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This article was published on April 14, 2011

    New version of Blender released, learning curve no longer a brick wall

    New version of Blender released, learning curve no longer a brick wall
    Joel Falconer
    Story by

    Joel Falconer

    Joel Falconer is the Features Editor at TNW. He lives on the Gold Coast, Australia with his wife and three kids and can sometimes be found g Joel Falconer is the Features Editor at TNW. He lives on the Gold Coast, Australia with his wife and three kids and can sometimes be found gaming or consulting. Follow Joel on Twitter.

    The Blender Foundation has released a new version of Blender, the powerful open-source 3D modeling app, that features a redesigned interface to help new users get a handle on the application.

    Blender is known for its steep learning curve. Compared to commercial 3D suites, you may as well be trying to scale a brick wall. Until now, that is: the new user interface focuses on usability and ease of discovery, bringing Blender’s accessibility to new users in line with its competitors. Blender’s unique selling point, of course, is that it’s free.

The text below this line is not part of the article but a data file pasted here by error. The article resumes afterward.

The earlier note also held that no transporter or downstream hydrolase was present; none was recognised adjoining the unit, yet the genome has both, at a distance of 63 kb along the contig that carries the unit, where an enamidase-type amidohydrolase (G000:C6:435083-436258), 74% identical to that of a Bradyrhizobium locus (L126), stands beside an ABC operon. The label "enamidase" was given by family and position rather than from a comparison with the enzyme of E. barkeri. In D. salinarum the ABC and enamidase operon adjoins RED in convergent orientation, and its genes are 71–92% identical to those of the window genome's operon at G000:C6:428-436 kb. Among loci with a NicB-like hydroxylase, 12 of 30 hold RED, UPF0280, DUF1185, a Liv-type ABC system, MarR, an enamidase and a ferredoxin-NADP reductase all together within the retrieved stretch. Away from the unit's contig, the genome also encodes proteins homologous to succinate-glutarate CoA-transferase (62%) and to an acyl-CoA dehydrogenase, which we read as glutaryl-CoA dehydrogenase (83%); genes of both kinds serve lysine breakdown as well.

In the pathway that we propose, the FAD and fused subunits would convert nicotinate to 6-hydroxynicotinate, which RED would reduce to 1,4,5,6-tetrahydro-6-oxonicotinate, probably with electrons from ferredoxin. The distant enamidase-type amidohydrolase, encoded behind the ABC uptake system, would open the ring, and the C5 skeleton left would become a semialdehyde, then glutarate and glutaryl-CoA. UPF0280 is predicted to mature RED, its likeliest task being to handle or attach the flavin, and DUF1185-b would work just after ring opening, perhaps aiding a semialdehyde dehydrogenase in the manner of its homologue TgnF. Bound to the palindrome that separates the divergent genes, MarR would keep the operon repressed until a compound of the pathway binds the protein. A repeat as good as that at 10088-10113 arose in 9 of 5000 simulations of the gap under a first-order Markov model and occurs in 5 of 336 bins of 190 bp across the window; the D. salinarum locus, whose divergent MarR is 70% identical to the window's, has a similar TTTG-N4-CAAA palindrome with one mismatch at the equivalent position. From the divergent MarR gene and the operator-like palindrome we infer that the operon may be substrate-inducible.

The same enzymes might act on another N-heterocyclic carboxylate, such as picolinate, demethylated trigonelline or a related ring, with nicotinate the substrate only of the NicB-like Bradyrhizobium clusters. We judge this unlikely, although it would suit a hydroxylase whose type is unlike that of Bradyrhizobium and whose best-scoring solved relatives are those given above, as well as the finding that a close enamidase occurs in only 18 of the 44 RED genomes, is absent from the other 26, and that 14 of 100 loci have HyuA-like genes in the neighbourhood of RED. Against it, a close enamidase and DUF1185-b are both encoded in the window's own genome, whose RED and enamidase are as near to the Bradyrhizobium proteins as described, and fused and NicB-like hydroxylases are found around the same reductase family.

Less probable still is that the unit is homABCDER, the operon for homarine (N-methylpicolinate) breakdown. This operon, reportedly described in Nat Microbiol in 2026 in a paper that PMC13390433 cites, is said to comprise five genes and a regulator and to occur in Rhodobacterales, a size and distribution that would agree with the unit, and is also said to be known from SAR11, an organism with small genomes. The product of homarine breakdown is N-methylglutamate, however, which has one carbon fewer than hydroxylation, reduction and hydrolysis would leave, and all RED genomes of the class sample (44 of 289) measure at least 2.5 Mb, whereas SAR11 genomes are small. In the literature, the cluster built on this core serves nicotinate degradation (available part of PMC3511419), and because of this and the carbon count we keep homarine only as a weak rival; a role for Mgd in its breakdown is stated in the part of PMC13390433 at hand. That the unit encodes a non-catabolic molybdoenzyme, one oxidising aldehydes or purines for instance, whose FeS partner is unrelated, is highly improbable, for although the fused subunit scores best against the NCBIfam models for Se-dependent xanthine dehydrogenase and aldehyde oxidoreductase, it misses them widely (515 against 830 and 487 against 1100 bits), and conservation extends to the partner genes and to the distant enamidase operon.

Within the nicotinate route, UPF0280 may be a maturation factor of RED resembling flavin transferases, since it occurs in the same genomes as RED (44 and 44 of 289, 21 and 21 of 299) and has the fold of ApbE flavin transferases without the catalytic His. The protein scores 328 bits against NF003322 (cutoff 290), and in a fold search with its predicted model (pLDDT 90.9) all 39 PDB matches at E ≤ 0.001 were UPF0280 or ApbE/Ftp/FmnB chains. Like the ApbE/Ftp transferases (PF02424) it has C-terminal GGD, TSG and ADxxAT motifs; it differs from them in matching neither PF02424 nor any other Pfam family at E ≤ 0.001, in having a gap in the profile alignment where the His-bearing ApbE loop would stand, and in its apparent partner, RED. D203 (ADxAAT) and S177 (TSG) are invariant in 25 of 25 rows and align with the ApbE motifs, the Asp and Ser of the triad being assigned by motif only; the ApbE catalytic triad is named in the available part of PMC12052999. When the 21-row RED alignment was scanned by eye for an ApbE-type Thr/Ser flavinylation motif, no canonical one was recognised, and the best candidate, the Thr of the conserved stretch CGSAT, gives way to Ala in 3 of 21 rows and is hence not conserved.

Blender 2.5’s functionality has been introduced across a range of patches, with 2.57 the second-to-last before the version is considered complete. 2.5’s first release was way back in 2009, but each minor point patch continues to bring updates worthy of a heftier version bump.

    Past 2.5 releases have brought extensibility by way of Add-ons, which are Python scripts using Blender’s Python Scripting API, and dozens of minor but important improvements such as custom keyboard shortcuts.